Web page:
It's Back To The Future For E-Cigarette Ads, At Least For Now | WAMU 88.5 - American University Radio

NPR : News

It's Back To The Future For E-Cigarette Ads, At Least For Now

E-cigarettes are a booming business among smokers who want to light up indoors, smokers who want to quit and, as the Centers for Disease Control and Prevention reported last month, among children.

And right now, e-cigarette-makers have a tremendous amount of latitude in the U.S. to market those products as they choose, even on television, where traditional cigarette ads have been banned since 1971.

That's because the Food and Drug Administration has not yet determined whether e-cigarettes, which deliver nicotine to the lungs through a battery-generated vapor rather than via tobacco smoke, should be considered tobacco products — with all the regulation that designation entails. The agency is expected to make its determination as early as this month.

In the meantime, "the marketing that you're seeing in these cigarettes now, it's the wild west," Stanton Glantz, director of the Center for Tobacco Control Research and Education at the University of California, San Francisco, tells NPR's Melissa Block on All Things Considered. "They're using celebrities, movies, television — it's just like getting into a time machine."

Perhaps some readers will remember those heady, hazy days, when TV was filled with ads touting cigarettes' health benefits, as the center of a refreshing set break for John Wayne — even as part of a wholesome breakfast:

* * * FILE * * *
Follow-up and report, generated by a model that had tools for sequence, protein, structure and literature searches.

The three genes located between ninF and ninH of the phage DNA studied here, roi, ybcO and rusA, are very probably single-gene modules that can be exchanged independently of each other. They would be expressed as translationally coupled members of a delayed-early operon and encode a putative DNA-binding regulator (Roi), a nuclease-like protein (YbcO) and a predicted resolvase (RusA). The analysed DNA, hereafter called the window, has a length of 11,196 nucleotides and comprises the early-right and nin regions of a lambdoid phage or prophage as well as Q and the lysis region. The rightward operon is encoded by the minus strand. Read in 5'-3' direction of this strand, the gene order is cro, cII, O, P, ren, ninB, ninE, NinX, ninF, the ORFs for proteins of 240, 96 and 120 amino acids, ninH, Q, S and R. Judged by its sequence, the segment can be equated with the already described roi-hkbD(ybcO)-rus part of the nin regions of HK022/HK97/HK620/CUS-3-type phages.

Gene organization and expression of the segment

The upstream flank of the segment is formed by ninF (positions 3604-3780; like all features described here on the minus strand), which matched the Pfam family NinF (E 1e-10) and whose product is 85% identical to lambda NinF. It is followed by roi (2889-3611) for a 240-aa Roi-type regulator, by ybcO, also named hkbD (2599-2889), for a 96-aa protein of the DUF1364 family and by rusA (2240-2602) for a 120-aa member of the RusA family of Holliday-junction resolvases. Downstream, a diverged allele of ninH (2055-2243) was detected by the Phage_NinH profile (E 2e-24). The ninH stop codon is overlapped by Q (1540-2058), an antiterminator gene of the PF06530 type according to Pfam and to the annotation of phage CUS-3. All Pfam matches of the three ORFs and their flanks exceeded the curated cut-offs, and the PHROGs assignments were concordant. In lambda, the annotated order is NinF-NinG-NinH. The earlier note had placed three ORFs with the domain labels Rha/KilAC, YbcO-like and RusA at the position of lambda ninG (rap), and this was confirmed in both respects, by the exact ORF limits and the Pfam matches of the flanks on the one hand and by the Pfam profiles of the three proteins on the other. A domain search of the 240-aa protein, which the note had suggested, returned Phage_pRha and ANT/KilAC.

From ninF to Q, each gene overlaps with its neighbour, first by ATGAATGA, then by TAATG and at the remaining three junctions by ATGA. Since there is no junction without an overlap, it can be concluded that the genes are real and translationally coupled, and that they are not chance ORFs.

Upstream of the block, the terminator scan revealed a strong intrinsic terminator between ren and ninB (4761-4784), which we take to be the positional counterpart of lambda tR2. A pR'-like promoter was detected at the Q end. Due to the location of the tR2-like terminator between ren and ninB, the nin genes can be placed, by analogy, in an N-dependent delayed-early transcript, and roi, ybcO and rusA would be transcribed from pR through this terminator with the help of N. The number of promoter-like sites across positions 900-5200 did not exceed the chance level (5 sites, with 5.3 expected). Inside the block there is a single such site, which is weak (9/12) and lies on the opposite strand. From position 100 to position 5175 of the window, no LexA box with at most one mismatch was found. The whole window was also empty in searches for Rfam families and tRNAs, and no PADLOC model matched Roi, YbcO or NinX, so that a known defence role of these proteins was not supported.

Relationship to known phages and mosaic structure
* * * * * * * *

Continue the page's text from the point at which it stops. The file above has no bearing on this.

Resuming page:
Not surprisingly, today's e-cigarette ads look a lot slicker than their midcentury tobacco cousins. Actors Stephen Dorff and Jenny McCarthy crank up the sex appeal in their advertisements for Blu eCigs, owned by Lorillard, which manufactures Kent and Newport tobacco cigarettes. At the bar, McCarthy says, "I can whip out my Blu, and not worry about scaring that special someone away."

And FIN electronic cigarette's national television spot goes for a stylish smash-up of vintage and modern, complete with a retro-looking diner waitress.

Andries Verleur, co-founder of VMR Products, which makes V2 Cigs, told Bloomberg News that the industry does expect the FDA will eventually clamp down on e-cigarette advertising.

As Mitchell Zeller, director of the FDA's Center for Tobacco Products, told Shots, the jury's still out on the health effects of e-cigarettes. But, for now, as NJoy King put it in its TV ad that ran during the Super Bowl in February, "the most amazing thing about this cigarette is, it isn't one."

At least, not yet.

You can hear more about the e-cigarette industry in Melissa Block's story on Monday's All Things Considered.

Copyright 2013 NPR. To see more, visit http://www.npr.org/.

WAMU 88.5

Art Beat With Lauren Landau, Dec. 25

Merry Christmas from Art Beat! Two shows keep the holiday festivities going through the weekend.

NPR

Inside The Indiana Megadairy Making Coca-Cola's New Milk

Coca-Cola got a lot of attention in November when it announced it was going into the milk business. In fact, its extra-nutritious milk product was invented by some dairy farmers in Indiana.
NPR

What To Expect In The 2016 Presidential Announcement Season

With Jeb Bush signaling he's likely to run for president in 2016, it's another sign that the presidential announcement season is underway. Here's a look at who has jumped in the race early and what to expect in the coming months.
NPR

2014 Hashtags: #BringBackOurGirls Made Nigerian Schoolgirls All Of 'Ours'

As part of a series on hashtag activism in 2014, Audie Cornish speaks with Obiageli Ezekwesili of the Open Society Foundation. Ezekwesili was one of the early promoters of the hashtag #bringbackourgirls, about schoolgirls kidnapped in Nigeria in April.

Leave a Comment

Help keep the conversation civil. Please refer to our Terms of Use and Code of Conduct before posting your comments.